June 25, 2013
President Obama on a hot day.
President Obama (Mandel Ngan/Agence France-Presse via Getty Images)

I believe that if we’re ever going to do anything about climate change, it has to start with diplomatic agreements. It has to start with real international cooperation, not unilateral actions that gratuitously raise the cost of Americans’ power bills and hurt the U.S. economy.

Today, with the release of the “The President’s Climate Action Plan,” President Obama announced the damage he’s going to do to the American economy through actions that will have no appreciable effect on the global environment, much less lower the earth’s temperature to President Obama’s desired level. And you’ll notice that while Obama’s proposed plan contains a section on “leading international efforts to address global climate change,” his international plan consists of eye-rolling homilies and tired slogans like “spurring concrete action” through “bilateral initiatives with China” (what a joke) and “forging global responses to climate change” through the United Nations Framework Convention on Climate Change. The president cannot even deal effectively with Congress, and he certainly hasn’t demonstrated the diplomatic skills or foreign policy strength to move the world in the direction he wants it to go.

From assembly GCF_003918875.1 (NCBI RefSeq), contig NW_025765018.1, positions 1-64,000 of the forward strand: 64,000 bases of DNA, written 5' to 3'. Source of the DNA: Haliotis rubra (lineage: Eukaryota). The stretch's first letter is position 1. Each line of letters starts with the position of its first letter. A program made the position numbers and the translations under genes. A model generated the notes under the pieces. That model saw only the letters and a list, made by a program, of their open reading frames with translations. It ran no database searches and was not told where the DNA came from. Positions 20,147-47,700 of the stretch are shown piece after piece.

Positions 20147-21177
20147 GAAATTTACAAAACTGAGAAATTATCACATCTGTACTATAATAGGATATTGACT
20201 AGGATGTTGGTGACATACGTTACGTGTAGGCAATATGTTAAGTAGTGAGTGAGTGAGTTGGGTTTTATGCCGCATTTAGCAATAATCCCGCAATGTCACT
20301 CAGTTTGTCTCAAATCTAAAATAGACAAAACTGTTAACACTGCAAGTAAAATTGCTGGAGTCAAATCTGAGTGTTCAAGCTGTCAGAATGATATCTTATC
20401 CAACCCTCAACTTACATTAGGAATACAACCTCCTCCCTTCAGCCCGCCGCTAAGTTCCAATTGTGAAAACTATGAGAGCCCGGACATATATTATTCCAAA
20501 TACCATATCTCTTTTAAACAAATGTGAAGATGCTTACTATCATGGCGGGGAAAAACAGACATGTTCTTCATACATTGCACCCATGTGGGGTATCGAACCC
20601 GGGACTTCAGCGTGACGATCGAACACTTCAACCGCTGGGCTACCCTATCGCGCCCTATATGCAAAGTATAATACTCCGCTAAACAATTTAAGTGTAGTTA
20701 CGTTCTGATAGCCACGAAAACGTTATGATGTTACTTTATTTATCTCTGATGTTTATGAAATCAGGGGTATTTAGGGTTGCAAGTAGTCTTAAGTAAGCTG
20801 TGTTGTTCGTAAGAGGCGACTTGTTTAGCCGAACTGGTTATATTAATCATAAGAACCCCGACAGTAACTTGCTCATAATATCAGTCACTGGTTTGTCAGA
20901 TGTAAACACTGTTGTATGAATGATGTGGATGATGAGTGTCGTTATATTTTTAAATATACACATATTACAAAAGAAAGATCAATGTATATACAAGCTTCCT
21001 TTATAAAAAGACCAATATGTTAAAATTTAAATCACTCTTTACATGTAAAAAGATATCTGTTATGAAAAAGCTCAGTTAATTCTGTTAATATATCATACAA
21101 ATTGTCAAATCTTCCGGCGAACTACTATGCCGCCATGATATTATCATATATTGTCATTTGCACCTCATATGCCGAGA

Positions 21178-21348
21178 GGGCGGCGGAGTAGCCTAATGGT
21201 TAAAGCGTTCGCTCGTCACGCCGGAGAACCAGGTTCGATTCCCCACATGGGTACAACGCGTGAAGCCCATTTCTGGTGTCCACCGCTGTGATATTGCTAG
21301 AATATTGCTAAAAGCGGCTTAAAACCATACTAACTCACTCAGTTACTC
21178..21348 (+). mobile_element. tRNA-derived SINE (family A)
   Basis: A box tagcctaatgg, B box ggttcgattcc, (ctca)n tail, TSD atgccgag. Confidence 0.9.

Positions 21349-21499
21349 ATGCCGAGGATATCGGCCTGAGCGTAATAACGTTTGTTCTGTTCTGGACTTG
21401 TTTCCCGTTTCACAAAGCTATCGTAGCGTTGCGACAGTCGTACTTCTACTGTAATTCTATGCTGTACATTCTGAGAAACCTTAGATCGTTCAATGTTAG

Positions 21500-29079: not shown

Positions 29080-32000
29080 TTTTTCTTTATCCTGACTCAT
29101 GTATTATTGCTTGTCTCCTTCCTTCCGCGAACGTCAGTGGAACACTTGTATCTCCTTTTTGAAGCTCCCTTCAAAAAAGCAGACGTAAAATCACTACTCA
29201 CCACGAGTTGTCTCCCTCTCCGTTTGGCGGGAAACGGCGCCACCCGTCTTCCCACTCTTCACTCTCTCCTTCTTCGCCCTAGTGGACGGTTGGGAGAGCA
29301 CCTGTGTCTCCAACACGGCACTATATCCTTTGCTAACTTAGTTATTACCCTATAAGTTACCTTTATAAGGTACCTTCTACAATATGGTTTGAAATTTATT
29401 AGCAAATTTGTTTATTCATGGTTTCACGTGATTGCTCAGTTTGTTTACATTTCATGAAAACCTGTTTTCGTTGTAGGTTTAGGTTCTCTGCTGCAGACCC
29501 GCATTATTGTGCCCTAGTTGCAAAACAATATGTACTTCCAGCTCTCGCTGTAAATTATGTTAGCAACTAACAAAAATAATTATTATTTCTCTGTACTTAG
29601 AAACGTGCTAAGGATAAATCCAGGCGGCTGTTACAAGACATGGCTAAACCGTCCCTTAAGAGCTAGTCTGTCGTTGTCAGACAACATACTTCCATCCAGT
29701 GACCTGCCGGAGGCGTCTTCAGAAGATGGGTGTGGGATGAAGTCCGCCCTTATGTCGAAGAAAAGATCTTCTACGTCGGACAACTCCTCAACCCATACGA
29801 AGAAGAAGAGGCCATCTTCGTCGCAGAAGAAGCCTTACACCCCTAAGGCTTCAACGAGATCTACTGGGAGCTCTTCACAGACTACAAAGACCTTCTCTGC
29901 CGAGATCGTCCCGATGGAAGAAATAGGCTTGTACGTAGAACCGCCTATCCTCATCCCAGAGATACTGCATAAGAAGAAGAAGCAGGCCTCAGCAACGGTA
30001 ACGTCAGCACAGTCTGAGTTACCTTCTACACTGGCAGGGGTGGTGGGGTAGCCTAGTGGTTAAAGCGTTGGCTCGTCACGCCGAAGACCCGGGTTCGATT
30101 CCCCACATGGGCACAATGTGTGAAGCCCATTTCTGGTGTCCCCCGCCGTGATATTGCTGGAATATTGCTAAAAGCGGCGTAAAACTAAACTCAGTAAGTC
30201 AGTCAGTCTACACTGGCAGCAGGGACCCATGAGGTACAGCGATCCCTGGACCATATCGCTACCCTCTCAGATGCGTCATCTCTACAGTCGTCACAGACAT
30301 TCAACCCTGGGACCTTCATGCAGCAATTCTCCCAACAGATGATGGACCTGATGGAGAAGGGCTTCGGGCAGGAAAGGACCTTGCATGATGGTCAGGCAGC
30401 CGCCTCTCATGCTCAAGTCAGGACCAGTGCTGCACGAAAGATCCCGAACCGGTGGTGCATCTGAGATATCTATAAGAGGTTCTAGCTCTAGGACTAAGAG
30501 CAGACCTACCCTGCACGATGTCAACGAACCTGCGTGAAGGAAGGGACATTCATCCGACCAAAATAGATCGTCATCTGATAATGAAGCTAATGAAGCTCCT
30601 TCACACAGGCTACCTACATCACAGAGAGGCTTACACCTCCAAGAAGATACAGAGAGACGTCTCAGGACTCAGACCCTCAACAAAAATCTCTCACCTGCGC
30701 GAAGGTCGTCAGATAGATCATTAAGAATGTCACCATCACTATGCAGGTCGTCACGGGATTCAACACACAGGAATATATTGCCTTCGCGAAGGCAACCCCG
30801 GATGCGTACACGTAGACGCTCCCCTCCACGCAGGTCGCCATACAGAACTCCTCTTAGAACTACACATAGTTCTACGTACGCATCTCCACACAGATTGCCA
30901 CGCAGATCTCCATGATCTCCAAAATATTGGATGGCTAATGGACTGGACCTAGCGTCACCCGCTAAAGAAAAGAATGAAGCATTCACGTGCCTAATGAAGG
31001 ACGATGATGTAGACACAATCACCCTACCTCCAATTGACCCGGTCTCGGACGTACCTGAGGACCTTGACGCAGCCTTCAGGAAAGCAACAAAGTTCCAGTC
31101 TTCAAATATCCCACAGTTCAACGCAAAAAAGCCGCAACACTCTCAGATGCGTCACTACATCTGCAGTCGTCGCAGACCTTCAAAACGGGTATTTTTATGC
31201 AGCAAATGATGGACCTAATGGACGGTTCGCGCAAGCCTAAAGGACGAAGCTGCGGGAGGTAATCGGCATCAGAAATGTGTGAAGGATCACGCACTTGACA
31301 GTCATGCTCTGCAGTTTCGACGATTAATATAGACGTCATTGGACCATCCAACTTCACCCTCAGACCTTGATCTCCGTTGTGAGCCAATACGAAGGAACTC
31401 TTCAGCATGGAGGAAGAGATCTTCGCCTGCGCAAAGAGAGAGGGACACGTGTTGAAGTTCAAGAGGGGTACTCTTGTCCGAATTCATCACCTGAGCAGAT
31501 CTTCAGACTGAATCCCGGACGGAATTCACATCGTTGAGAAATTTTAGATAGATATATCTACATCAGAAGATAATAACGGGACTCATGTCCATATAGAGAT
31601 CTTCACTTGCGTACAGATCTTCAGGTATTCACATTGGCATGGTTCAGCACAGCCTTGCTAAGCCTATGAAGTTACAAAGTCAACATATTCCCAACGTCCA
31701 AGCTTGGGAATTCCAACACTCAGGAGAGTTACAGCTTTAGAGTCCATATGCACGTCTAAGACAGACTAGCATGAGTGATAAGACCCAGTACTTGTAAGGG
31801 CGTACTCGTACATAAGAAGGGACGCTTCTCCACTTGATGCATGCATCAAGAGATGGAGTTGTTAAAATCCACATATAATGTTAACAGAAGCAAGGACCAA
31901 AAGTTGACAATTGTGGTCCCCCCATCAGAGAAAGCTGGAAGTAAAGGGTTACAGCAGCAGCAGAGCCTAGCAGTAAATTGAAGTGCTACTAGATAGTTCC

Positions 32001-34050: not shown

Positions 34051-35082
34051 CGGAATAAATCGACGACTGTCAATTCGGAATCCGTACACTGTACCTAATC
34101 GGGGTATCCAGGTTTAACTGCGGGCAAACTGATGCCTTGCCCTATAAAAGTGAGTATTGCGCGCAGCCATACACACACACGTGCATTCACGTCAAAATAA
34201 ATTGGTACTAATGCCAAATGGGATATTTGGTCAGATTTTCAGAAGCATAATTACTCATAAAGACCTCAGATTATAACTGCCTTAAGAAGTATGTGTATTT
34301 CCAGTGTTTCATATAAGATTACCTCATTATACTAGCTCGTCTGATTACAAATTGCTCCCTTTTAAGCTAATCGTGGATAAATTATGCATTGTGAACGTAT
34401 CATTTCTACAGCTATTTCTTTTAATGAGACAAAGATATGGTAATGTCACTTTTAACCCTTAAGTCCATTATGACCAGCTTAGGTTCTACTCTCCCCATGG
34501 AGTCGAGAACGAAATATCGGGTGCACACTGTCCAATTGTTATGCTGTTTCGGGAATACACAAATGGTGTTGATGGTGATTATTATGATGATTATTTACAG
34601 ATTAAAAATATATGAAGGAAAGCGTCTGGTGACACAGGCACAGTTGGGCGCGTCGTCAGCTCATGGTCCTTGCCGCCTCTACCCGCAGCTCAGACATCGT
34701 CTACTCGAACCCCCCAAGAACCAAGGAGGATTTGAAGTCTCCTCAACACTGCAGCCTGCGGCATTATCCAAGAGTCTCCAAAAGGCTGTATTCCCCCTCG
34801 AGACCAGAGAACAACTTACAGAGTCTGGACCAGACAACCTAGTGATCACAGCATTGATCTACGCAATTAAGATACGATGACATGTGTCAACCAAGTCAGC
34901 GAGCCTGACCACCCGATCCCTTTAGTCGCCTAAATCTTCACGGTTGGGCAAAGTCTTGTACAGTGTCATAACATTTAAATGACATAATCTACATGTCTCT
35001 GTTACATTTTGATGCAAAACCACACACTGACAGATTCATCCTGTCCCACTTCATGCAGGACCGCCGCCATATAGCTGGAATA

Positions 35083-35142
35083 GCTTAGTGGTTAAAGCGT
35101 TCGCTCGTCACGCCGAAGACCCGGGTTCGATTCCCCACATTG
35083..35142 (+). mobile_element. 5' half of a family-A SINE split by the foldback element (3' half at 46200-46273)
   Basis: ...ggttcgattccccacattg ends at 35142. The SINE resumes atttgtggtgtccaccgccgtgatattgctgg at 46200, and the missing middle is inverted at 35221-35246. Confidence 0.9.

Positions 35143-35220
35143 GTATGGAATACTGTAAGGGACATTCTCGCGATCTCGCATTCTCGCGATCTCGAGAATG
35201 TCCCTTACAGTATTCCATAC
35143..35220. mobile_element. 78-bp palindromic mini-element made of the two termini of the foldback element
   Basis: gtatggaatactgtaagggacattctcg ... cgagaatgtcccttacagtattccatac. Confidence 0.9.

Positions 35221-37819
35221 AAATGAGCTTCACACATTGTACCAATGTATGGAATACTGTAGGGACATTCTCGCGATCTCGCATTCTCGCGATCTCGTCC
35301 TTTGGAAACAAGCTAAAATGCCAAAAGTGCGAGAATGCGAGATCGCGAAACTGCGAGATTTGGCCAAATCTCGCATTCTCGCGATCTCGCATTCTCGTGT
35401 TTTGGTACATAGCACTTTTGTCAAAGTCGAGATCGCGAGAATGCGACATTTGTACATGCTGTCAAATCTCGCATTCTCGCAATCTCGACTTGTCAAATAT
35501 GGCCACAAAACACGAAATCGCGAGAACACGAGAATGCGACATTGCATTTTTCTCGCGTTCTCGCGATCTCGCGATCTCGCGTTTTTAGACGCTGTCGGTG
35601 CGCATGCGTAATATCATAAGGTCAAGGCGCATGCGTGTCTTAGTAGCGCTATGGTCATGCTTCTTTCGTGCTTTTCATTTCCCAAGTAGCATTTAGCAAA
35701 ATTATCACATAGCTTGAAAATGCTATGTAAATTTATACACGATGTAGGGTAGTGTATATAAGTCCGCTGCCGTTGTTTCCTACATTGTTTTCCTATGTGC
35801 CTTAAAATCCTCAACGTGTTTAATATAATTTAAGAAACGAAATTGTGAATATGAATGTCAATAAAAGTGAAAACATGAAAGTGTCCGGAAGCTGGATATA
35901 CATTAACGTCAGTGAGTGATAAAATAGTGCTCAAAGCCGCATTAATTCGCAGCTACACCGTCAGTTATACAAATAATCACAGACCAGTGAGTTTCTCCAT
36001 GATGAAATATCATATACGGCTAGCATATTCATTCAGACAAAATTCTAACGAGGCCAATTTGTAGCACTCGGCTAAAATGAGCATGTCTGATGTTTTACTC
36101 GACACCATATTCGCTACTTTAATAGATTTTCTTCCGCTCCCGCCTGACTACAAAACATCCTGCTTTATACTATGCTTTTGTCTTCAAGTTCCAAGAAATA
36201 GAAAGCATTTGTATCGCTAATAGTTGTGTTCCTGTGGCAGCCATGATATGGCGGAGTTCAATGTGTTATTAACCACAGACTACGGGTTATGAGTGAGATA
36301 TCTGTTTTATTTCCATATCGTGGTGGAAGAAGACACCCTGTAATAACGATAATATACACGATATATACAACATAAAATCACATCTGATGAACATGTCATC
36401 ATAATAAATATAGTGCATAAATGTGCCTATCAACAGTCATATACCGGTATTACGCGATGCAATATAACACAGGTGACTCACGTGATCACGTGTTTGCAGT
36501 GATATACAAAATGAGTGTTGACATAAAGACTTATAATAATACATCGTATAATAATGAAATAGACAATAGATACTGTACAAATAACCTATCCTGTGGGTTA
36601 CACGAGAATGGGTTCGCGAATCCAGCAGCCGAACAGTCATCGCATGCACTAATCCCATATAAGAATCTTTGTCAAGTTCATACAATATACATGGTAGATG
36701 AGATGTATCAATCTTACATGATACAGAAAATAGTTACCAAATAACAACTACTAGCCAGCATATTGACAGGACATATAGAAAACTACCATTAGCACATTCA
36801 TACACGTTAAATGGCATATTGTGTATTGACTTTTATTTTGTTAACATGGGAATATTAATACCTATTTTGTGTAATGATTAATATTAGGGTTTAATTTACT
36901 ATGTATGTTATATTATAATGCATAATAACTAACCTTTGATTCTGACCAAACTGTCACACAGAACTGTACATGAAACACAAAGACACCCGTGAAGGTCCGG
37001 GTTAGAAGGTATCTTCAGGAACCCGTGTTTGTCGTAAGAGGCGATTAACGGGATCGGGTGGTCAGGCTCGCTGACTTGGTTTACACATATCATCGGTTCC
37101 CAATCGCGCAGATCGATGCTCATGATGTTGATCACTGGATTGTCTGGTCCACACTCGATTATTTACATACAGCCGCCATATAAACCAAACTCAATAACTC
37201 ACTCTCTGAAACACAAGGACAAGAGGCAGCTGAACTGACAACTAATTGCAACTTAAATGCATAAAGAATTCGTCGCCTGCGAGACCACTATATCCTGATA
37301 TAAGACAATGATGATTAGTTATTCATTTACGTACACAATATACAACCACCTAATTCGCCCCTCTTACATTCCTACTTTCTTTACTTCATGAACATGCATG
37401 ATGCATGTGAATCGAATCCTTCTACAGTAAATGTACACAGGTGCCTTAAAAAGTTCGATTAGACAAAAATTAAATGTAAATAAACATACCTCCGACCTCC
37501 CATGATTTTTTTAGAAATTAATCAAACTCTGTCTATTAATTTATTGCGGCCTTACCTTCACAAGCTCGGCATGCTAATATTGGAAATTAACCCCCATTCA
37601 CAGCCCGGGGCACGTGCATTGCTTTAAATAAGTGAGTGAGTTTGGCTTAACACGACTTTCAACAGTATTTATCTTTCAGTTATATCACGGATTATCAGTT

In case we needed a more vivid illustration of the president’s diplomatic limits, the case of National Security Agency leaker Edward Snowden is revealing, in real time, Obama’s lack of stature abroad and the diminished power of the White House. Russia, China, and no less than Ecuador are all showing defiance on this issue. If these countries thought they would suffer any consequences or that they had any price to pay whatsoever — or, for that matter, if any reservoir of goodwill had been built during the Obama presidency — they would do the reasonable thing and matter-of-factly hand over Mr. Snowden. But in this case, they obviously have no interest in cooperating with President Obama. These countries are gratuitously taunting the president and won’t even extend us common diplomatic courtesies. And even worse, it is all happening in public. Essentially, the leaders of China, Russia and Ecuador are giving the president of the United States the diplomatic equivalent of the middle finger.

Russian President Vladimir Putin confirmed today that Snowden is in Russia but he will not be extradited to the United States. The Russians may give Snowden up eventually. They likely don’t want him taking up room in their prisons or even in their cities, but they’re toying with Obama just because they can. It’s humiliating, and it’s not helpful to us for other countries to see us in this weakened position.

What does the Snowden episode say about our diplomatic relationships? And by extension, what does it say about President Obama’s ability to forge international consensus on climate change policy? It says something important that President Obama cannot rely on other world leaders to cooperate with him in a situation even where they have no strategic interest. Snowden doesn’t mean anything to any of these countries. He is a criminal who has done what he can for America’s enemies. These countries are not protecting one of their agents. They are doing this because they can, and because they believe what they are doing is preferable to working with this president. If we can’t get them to give up Snowden, there is no way the president is going to get them to join him in his global warming crusade. I hope Republicans in Congress do everything they can to stop the unilateral plan on climate change that the president announced today.